Global environmental challenges
DOE gives $17.1 million energy storage grant, batteries included
Energy storage isn’t as sexy as solar projects that offer opportunities to cut ribbons on shiny futuristic technology. Nor does it attract the billions in federal loan guarantees and incentives awarded to wind farms and photovoltaic power plants.
But utilities and the government are increasingly recognizing that energy storage systems are crucial to integrating intermittent renewable energy projects into the smart grid.
Hence the United States Department of Energy’s finalization last week of a $17.1 million grant to utility AES to build a 20 megawatt lithium ion battery storage system using A123 Systems’ technology.
The battery packs will be installed at an AES facility in Johnson City, N.Y., and used to smooth out fluctuations in the power grid. Rather than burn fossil fuels to balance supply and demand, renewable energy from wind, solar or other renewable sources can be stored in the battery systems and released when needed.
That could reduce carbon emissions from so-called frequency regulation by 70 percent, according to the Energy Department.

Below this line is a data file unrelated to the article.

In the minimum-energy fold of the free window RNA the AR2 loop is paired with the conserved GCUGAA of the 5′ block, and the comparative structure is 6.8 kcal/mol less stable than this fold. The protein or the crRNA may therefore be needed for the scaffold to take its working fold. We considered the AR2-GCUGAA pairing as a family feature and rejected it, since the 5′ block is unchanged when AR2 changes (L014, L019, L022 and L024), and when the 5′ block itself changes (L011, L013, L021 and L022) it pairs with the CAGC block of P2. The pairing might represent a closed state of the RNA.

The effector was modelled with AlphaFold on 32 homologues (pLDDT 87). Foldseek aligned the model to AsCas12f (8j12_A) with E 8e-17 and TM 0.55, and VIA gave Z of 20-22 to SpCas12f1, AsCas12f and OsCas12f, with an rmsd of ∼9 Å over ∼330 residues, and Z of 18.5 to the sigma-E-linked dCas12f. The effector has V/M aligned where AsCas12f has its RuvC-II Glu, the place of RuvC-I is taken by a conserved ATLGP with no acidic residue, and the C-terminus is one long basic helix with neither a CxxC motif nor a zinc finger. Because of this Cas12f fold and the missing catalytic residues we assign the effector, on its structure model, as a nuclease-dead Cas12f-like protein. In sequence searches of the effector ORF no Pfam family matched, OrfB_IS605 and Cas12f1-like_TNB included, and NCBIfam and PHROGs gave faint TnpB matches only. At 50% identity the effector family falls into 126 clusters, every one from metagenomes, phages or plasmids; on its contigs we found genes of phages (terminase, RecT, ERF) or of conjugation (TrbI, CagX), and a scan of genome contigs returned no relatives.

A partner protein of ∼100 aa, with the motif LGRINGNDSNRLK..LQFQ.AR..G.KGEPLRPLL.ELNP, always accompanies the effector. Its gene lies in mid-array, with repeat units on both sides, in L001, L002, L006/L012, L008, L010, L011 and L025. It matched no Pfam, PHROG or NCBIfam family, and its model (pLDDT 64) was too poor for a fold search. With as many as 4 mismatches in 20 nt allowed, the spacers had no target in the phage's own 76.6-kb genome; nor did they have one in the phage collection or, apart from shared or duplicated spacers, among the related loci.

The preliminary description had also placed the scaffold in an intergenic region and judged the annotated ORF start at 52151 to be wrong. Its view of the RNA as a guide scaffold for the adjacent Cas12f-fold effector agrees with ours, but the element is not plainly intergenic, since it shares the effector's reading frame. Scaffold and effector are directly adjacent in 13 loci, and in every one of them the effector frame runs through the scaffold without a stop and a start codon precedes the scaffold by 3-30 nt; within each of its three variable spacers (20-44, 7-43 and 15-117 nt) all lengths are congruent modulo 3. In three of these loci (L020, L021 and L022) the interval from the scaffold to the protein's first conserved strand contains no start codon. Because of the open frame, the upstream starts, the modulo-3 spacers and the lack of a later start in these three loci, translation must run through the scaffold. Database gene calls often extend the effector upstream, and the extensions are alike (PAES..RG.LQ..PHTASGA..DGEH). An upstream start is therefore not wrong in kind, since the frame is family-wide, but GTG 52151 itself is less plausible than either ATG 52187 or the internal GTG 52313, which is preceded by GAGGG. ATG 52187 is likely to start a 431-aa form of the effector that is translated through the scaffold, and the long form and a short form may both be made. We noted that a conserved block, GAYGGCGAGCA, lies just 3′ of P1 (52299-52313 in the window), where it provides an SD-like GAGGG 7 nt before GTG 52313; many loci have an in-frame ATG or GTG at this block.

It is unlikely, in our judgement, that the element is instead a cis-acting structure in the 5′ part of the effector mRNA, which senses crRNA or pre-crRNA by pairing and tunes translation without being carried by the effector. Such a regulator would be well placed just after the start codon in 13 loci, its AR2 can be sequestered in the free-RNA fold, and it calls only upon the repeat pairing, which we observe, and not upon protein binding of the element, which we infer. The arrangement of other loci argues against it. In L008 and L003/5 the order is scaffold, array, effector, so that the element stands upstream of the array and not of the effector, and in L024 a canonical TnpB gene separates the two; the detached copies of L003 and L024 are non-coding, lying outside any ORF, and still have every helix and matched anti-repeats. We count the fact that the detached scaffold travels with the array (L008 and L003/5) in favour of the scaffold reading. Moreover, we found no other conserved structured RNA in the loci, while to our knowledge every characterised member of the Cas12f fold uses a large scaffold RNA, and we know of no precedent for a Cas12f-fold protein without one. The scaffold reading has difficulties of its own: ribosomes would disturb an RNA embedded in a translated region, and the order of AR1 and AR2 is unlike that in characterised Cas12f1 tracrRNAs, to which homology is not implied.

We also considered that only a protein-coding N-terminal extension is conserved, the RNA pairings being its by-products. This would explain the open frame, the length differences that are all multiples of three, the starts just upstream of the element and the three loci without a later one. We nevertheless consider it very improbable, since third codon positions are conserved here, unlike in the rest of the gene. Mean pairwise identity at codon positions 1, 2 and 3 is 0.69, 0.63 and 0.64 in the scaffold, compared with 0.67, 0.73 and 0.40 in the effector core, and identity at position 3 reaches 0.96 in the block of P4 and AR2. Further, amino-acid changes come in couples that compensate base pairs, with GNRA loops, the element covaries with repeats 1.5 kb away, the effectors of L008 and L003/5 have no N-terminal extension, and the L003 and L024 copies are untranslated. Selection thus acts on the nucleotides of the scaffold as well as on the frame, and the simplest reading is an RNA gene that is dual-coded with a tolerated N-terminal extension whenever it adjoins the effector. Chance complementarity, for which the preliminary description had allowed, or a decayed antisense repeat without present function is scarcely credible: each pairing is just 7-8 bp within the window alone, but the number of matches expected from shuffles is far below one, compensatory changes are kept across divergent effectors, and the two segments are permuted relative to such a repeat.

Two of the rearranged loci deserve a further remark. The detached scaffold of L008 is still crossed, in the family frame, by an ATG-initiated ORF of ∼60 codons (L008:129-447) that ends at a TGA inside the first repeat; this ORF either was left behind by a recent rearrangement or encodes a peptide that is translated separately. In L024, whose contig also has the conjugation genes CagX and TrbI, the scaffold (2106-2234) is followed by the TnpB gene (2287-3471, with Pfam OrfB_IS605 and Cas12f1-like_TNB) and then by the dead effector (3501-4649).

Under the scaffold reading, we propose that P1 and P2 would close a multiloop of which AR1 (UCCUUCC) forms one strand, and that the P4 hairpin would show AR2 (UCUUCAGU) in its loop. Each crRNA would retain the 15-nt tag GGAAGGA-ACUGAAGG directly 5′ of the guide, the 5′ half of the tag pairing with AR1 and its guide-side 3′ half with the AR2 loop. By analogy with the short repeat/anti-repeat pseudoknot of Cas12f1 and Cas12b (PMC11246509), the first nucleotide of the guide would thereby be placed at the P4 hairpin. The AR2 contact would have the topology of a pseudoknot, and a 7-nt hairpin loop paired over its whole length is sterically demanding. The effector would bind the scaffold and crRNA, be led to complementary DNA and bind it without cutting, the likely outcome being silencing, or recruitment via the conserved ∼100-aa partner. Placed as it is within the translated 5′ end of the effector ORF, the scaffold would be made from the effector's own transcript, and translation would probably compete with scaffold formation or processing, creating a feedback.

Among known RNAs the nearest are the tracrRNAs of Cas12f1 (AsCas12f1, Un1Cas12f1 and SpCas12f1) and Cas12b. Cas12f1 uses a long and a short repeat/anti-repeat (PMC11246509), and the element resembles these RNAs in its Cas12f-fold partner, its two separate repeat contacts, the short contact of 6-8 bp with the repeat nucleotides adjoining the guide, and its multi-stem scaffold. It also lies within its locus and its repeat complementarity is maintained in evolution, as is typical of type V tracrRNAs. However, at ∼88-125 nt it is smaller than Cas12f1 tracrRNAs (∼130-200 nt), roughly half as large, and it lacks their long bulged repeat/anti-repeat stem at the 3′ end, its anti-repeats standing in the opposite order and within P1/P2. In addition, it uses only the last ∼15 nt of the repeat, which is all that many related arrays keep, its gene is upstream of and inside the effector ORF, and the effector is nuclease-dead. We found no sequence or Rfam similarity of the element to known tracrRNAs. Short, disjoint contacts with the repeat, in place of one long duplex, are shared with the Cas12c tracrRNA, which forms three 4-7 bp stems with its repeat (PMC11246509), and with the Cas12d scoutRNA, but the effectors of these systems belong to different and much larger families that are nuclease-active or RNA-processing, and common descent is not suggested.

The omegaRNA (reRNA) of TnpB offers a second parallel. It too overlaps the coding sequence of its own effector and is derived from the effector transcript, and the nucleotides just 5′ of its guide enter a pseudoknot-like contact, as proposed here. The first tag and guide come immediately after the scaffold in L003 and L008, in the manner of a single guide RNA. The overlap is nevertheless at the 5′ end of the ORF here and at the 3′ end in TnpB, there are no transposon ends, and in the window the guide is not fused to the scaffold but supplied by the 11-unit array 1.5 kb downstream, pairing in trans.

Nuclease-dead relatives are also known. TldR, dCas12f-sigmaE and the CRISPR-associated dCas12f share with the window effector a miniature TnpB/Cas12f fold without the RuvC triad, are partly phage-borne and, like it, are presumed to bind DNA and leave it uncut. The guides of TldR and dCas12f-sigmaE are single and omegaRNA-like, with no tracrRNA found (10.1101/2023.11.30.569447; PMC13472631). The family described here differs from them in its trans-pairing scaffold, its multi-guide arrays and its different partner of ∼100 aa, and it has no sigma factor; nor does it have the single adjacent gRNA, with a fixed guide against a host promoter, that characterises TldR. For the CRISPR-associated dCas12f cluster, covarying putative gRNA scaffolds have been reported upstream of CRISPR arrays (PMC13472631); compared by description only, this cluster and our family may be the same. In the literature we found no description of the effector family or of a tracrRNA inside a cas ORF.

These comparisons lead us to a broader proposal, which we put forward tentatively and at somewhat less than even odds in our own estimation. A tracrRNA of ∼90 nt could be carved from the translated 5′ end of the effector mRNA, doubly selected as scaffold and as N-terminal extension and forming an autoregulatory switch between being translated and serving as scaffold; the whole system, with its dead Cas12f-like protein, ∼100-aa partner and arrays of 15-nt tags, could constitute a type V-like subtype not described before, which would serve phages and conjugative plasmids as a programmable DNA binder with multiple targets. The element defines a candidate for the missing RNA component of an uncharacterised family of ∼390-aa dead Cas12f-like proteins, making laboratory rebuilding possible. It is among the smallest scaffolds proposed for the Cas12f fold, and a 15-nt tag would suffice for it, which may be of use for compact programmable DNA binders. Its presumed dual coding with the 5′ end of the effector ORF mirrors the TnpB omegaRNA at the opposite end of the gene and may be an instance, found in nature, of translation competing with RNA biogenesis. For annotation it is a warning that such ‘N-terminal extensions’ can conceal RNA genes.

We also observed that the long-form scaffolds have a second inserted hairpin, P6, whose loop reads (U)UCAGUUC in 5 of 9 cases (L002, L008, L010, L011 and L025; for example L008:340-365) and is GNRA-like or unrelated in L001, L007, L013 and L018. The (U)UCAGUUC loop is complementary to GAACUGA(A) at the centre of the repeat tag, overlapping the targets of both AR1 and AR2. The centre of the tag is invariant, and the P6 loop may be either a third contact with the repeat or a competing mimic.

“The AES project helps reduce carbon emissions and strengthens our energy infrastructure by allowing for more renewable energy sources like solar and wind to contribute to the electrical grid,” Energy Secretary Steven Chu said in a statement. “Bringing more efficiency and reliability to the grid will help cut costs for consumers and power a cleaner energy future.”
California enacted a law this year mandating that regulators determine the amount of energy storage the state’s three big investor-owned utilities should be required to maintain.
Utility PG&E, for example, is planning a pilot project to tap electricity generated during peak wind farm production to pump compressed air into an underground reservoir. When demand spikes, the reservoir would release the air to run electricity-generating turbines which are capable of producing 300 megawatts of power.
The utility has also proposed building a “pumped hydro” storage system, which would transfer water from one reservoir to another reservoir at a higher elevation during times of peak renewable energy production. Water in the upper reservoir would then be sent back downhill to power a turbine when electricity demand begins to rise.
In September, the California Energy Commission funded a pilot project proposed by Tesla Motors and SolarCity, a Silicon Valley photovoltaic panel installer, to store electricity generated by residential rooftop solar systems in lithium ion car batteries for use during peak demand. The Sacramento Utility District is undertaking a similar project.
Photo credit: DOE